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No matter how healthy you are, you likely end up feeling sick at least a few times a year. And we have many pharmaceutical options these days to help us feel better. But some non-pharmaceutical remedies are supported by science, including some that have been around for thousands of years.

Hosted by: Michael Aranda

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Sources:
Chicken Soup
https://www.cmaj.ca/content/161/12/1532.short#F1
https://journal.chestnet.org/article/S0012-3692(15)37387-6/fulltext
https://journal.chestnet.org/action/showPdf?pii=S0012-3692%2815%2937746-1
https://onlinelibrary.wiley.com/doi/full/10.5694/j.1326-5377.2010.tb04127.x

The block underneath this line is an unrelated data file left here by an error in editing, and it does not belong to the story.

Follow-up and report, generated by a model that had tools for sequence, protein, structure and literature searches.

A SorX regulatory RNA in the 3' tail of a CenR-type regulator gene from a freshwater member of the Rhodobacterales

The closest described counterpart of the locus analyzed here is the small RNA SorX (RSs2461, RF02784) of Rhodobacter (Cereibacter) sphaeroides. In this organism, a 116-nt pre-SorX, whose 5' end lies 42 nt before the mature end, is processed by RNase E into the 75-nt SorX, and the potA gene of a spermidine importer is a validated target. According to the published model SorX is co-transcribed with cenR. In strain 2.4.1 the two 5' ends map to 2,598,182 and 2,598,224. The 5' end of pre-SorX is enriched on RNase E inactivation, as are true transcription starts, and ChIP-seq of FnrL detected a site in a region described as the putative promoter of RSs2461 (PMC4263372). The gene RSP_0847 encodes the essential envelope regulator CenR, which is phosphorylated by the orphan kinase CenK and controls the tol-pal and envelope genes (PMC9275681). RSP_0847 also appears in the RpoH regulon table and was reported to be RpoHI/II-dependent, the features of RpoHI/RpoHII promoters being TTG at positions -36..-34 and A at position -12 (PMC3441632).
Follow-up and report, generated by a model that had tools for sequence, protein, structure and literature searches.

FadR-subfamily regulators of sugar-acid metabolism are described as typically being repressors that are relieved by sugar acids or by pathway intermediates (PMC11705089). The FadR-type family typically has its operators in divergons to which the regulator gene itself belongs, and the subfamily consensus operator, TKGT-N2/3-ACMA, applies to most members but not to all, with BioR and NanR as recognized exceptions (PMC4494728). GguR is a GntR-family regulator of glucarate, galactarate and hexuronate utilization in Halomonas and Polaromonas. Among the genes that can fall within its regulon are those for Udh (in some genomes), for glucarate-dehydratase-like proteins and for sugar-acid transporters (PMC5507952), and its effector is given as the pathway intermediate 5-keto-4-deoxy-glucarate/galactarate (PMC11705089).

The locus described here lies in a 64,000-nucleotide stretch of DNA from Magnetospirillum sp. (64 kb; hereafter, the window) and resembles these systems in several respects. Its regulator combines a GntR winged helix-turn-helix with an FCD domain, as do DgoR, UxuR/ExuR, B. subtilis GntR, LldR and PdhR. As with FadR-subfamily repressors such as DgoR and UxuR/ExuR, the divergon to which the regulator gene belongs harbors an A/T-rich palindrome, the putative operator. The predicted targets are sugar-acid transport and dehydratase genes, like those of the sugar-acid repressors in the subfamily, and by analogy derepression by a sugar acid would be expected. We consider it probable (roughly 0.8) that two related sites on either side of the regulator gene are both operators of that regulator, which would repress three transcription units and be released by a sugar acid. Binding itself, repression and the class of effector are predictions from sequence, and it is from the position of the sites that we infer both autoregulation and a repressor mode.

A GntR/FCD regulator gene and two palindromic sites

https://pubmed.ncbi.nlm.nih.gov/11035691/

P6 Acupressure
https://pubmed.ncbi.nlm.nih.gov/33131633/
https://pubmed.ncbi.nlm.nih.gov/32857730/
https://www.ncbi.nlm.nih.gov/pmc/articles/PMC6177529/
https://www.sciencedirect.com/science/article/pii/S1566070206002219
https://exploreim.ucla.edu/self-care/acupressure-point-p6/
https://onlinelibrary.wiley.com/doi/full/10.1111/j.1365-2036.2004.02196.x
https://pubmed.ncbi.nlm.nih.gov/26522652/

Ice Massage
https://science.sciencemag.org/content/150/3699/971
https://www.ncbi.nlm.nih.gov/pmc/articles/PMC1801755/pdf/canmedaj01126-0051.pdf
https://www.sciencedirect.com/science/article/pii/0304395980900081
https://www.sciencedirect.com/science/article/pii/S1526952303002770
https://www.ncbi.nlm.nih.gov/books/NBK10965/

Alcohol
https://pubmed.ncbi.nlm.nih.gov/22784340/
https://pubmed.ncbi.nlm.nih.gov/33627064/